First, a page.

In message <jn4o3iF...@mid.individual.net
>, at 21:06:58 on Mon, 29
Aug 2022, Bob Eager <news...@eager.cx
"When the University of Kent's ICL 2960 mainframe was installed, it
came with a site engineer."
ICL had a two-tier scheme, with each site engineer being trained in the
general maintenance of the whole computer, plus specialist in one of
about six different sub-systems. Their job was to isolate which
sub-system was causing a problem, and if possible do a board-swap. Or
failing that, after 20 minutes call in the nearest (geographically)
expert engineer to assist. [Plus keeping a whole bookshelf of ring-bound
manuals up to date, and applying both routine hardware and software
patches, which arrived almost daily; plus some mechanical items like
line-printers and tape drives had a regular maintenance schedule].
The biggest sites had three shifts of multiple engineers, and spare
parts were flown around Europe at a moment's notice.
Everything except the OCP was standard across the range, although not
every site had one of everything (eg a drum - which was actually a very
large disc, and at the time the Comms Controller for remote access by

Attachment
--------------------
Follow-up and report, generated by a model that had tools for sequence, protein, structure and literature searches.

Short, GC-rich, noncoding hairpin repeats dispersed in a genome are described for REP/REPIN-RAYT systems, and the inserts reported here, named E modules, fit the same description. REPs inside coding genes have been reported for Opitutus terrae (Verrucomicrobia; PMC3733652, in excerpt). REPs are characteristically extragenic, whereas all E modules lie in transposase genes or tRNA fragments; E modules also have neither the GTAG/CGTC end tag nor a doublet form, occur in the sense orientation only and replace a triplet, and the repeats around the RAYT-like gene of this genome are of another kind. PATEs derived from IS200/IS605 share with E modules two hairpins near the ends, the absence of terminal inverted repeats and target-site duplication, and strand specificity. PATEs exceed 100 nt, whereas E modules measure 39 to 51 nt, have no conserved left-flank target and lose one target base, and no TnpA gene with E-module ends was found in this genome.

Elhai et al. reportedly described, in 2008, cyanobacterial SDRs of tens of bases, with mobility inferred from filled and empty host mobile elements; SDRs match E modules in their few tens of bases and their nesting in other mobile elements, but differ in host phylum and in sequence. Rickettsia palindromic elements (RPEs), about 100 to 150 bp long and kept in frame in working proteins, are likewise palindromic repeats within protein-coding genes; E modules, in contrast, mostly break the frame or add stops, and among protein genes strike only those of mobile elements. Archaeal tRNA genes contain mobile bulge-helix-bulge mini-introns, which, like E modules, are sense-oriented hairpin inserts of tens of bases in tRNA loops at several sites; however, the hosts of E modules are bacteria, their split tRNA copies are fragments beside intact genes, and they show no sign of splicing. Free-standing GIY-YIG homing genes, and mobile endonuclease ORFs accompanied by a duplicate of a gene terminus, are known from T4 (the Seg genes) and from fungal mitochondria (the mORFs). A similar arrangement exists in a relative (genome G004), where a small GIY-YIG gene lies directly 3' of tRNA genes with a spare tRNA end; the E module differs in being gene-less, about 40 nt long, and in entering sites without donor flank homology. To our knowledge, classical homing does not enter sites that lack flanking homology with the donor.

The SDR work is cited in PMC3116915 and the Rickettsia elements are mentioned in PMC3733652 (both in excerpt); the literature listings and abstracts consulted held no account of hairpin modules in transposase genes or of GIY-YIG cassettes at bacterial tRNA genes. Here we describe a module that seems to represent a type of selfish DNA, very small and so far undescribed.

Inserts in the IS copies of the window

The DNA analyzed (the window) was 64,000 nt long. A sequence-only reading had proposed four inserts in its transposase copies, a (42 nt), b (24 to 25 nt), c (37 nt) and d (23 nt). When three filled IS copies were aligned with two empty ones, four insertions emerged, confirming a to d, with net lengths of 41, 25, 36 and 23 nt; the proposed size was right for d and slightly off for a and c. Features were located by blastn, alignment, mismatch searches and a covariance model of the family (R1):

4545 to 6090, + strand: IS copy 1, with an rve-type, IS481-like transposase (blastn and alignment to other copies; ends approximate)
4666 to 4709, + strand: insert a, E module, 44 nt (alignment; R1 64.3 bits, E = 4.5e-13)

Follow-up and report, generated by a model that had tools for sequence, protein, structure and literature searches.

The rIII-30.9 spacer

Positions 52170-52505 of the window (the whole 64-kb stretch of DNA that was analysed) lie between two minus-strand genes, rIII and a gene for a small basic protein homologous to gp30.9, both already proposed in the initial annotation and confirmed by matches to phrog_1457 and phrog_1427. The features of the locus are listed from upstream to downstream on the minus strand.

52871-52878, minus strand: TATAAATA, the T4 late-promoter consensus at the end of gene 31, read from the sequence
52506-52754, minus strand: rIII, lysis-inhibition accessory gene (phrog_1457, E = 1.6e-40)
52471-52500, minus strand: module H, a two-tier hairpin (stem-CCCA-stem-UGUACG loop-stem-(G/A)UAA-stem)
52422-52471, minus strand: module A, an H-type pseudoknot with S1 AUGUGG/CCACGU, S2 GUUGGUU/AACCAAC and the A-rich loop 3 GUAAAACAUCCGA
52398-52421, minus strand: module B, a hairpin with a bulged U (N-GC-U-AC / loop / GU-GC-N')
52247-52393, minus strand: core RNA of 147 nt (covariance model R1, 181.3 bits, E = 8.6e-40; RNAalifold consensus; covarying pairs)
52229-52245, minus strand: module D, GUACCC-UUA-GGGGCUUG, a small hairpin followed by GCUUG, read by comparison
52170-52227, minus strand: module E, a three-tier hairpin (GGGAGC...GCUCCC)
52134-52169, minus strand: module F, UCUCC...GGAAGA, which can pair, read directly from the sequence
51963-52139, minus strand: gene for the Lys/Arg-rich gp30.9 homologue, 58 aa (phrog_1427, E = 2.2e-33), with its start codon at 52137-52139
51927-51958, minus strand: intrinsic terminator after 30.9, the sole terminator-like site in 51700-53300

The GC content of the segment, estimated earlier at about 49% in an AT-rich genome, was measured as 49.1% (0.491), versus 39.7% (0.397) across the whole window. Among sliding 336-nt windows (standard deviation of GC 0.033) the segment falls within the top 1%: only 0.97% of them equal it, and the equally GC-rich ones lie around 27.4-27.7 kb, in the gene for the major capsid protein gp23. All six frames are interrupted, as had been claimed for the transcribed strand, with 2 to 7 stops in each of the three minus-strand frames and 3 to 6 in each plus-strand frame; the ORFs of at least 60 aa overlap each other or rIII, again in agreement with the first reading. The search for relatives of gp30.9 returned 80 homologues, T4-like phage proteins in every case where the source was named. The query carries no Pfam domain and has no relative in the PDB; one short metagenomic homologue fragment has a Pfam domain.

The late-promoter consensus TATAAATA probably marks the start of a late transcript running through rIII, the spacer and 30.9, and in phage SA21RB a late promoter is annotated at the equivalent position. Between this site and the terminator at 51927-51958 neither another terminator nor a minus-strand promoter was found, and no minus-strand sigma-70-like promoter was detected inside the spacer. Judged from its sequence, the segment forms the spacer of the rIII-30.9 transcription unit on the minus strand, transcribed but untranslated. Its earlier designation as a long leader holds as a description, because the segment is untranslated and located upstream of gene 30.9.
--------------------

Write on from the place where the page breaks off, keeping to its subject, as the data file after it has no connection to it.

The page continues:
teletype wasn't very commonplace).
During 1977/78 I worked at the ICL training school in Letchworth as one
of two or three lecturers giving the "general" training course, which
was about eight weeks residential. There were other lecturers doing the
shorter expert courses, and I shadowed the one giving 2980 OCP (the most
complex of all the sub-systems).
We had one of everything to play with, and often got the feeling the
salesmen would rather ship them to customers. But that general course
was the critical path, because they couldn't hand over a new
installation until there was a site engineer available, and that
was where the shortage was, not in the factory or indeed customers
thrusting money at the company.
One of the drivers for the newly introduced baby of the range - the
2950, was that it might be simple/reliable enough that it didn't
actually need full-time site engineers.